Enjoying a few scoops of this Baked Pineapple Sorbet, flavored with rum extract, is the perfect summer treat. Toasted under a broiler and sweetened with a touch of cane sugar takes this pineapple dessert to a new level.
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My husband’s favorite fruit of all time is pineapple! When we first found out that we were growing our family, we just happened to take a trip to Hawaii around the same time. My hubby was in bliss that he got to eat pineapple every day during our stay. When I told him my idea for this baked pineapple sorbet, he emphatically agreed that it needed to be done! This is for you, honey!
This baked pineapple sorbet is easy enough to make, but having a great pineapple to work within the beginning will make your life so much easier. Before diving into the recipe, let’s get you comfortable with pineapples.
Common Pineapple Questions
How to Tell When a Pineapple is Ripe
This question gets asked a lot! But it’s super simple to answer.
There are two methods that I’m aware of:
- Smell test
If the pineapple smells like it’s a pineapple, it’s definitely ripe! Usually, these pineapples have some green to them still but have yellow present in the outer skin.
- Pick a leaf
Now this one can be controversial to some but I’ve had nothing but good pineapples after smelling and then using this method. Pick a leaf from the middle part of the crown of the pineapple. If the leaf releases from the middle with relative ease, it’s perfect to use!
However, there is nothing wrong with taking a slightly under-ripe pineapple and letting it ripen on your counter for a day or two.
How to Cut a Pineapple
Cutting a pineapple is quite easy. I really hate thinking about using one purpose tools specifically for cutting a pineapple. All you really need is a sharp chefs knife.
- First, lay the pineapple on the cutting board and cut off the crown. Then cut off the bottom of the pineapple. This gives you a solid base to trim the outside of the pineapple.
- Using your chef’s knife, following the curvature of the pineapple, trim away the outside of the pineapple until the meat of the pineapple is exposed. Cut the pineapple in half, length-ways. Next, cut each half in half.
- The core will look a lot different than the meat of the pineapple; cut at the base of the core and down at an angle to completely remove it. Do the same to the other quarters of the pineapple.
How to Make Baked Pineapple Sorbet Recipe
This pineapple sorbet recipe was a fun one to develop. One thing that I wanted to be certain was the rustic look of this sorbet. I wanted to bring out the natural sweetness of the pineapple so I broiled the pineapple to get that sweetness and rustic look. You could also use a blowtorch like this one to get the same effect.
When broiling this pineapple, I highly recommend using aluminum foil. Parchment paper will just catch on fire and broiling will destroy silicone baking mats. Aluminum foil can take the beating with no effect on the pineapple!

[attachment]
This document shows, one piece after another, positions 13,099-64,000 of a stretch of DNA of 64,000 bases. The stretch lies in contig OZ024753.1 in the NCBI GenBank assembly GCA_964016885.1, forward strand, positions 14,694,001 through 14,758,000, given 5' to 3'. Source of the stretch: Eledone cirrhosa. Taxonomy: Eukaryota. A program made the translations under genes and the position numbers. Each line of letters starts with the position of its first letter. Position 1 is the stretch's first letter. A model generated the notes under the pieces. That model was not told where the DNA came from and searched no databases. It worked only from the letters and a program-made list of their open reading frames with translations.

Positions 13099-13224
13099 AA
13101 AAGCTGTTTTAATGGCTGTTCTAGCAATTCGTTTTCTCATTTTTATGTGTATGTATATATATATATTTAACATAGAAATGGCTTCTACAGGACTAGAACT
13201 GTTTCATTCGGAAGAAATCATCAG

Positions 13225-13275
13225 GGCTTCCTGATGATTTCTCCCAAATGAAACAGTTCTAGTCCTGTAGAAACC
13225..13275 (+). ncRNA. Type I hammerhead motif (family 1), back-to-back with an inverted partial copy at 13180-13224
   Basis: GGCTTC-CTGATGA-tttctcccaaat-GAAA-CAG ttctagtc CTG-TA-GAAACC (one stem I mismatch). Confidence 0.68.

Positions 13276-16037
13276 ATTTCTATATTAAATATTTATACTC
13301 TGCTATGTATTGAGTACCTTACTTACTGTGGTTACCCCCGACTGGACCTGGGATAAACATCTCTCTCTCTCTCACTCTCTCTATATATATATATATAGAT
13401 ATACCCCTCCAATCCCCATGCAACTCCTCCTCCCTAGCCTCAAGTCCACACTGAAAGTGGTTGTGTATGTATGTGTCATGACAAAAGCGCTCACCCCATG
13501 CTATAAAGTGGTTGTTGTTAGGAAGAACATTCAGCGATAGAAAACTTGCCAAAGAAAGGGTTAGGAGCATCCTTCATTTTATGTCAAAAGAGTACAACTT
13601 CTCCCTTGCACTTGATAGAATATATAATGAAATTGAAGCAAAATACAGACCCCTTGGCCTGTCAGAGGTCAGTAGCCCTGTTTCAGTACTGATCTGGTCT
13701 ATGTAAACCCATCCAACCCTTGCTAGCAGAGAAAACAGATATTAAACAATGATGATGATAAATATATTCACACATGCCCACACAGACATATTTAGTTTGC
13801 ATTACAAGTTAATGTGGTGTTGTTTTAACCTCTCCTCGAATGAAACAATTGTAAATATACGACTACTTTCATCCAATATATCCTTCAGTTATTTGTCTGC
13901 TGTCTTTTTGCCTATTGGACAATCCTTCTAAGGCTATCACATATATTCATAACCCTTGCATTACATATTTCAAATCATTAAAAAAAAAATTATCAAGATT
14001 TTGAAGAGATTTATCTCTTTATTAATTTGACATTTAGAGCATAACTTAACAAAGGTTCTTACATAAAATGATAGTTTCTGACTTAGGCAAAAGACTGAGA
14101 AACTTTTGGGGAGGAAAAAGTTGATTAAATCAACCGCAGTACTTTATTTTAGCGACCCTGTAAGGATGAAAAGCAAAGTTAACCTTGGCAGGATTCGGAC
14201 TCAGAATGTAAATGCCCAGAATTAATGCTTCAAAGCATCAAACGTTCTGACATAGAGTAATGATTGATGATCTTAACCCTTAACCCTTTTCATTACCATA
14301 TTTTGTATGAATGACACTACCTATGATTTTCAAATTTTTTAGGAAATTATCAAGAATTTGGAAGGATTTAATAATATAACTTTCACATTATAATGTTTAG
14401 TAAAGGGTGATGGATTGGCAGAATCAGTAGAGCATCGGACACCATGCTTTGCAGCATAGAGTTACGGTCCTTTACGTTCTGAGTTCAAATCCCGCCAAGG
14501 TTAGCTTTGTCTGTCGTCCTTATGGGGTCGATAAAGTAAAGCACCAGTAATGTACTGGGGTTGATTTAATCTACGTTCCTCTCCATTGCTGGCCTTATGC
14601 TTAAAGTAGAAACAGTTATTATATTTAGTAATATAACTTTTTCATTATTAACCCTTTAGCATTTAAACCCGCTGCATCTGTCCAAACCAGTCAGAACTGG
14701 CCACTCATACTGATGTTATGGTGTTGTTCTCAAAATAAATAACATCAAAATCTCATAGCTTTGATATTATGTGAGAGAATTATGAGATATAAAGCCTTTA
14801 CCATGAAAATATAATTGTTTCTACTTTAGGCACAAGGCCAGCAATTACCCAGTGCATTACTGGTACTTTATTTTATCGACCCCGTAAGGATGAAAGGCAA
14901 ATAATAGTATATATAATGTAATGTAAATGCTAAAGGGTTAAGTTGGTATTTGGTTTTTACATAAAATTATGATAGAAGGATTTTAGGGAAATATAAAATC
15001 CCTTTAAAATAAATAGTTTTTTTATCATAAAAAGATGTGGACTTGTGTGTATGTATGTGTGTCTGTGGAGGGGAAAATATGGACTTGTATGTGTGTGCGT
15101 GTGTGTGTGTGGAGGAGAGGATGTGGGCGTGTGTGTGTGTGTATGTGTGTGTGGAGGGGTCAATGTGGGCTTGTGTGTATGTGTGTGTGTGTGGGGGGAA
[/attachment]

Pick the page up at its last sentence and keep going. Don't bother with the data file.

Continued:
Not all pineapples are sweet. How much sugar to add to your sorbet recipe depends on how sweet the pineapple is beforehand. Always check your pineapple first!
I opted to use cane sugar for my simple syrup because it’s less refined than table sugar which means that it’s sweeter. Making a cane sugar simple syrup is exactly the same as any other simple syrup. A 1:1 ratio will give you the perfect syrup to add to your pineapple sorbet base.
Usually, I’m all for straining everything for better consistency but this I left alone. There wouldn’t have been anything left to the sorbet based had I strained it. But the texture was still spot on after the sorbet recipe had churned and froze.
When it came to optimizing the flavor of this baked pineapple sorbet recipe, I wanted to get the most bang for my buck. While the flavor and sweetness of pineapple are great on its own, it’s elevated with just a touch of rum extract! You’ll feel like the Caribbean breeze is brushing through your hair when you get a bit of this! Even my husband, who is pretty much a pineapple purist, loved the touch of rum extract in this pineapple sorbet.
Just like with my other sorbet recipes (Orange and Basil, Honey and Blood Orange), I used my ice cream making attachment to churn my sorbet base. I opted to go a full twenty minutes of churning with this sorbet recipe, as opposed to the others, because I really wanted to see the color of the pineapple lighten up! And it did.
As always, allow this sorbet to harden in the freezer for a few hours before enjoying! I mean, you could put this in a glass and top it with some lemon-lime soda for a fun and refreshing drink as well!
I hope that you enjoyed this recipe as much as I had fun making it! If you really enjoyed it, leave a comment down below, along with a 5-star rating!
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- 1 large pineapple, cleaned and cored
- ½ cup cane sugar
- ½ cup water
- 1 tsp rum extract
- Preheat oven to Broiler setting. Line sheet pan with aluminum foil. Place cored pineapple on the foil and allow to broil for about 5 minutes (or until darkened) on each side. Flip pineapple over to darken the opposite side.
- Meanwhile, bring to a boil in a small sauce pot, cane sugar and water until sugar is completely dissolved.
- Cut pineapple into smaller chunks, place chunks in blender. Place simple syrup and rum extract in blender as well. Blend until base is smooth. Cool in a medium mixing bowl for at least an hour.
- Set up ice cream maker. Place base in ice cream maker and churn according to ice cream makers instructions, about 20 minutes.
- Place in a glass storage container and top with lid. Allow to freeze for 3-4 hours before enjoying.
Serving Size4 ounces
Amount Per ServingCalories 80Total Fat 0gSaturated Fat 0gTrans Fat 0gUnsaturated Fat 0gCholesterol 0mgSodium 1mgCarbohydrates 20gFiber 0gSugar 19gProtein 0g
This nutrition information is just an estimate.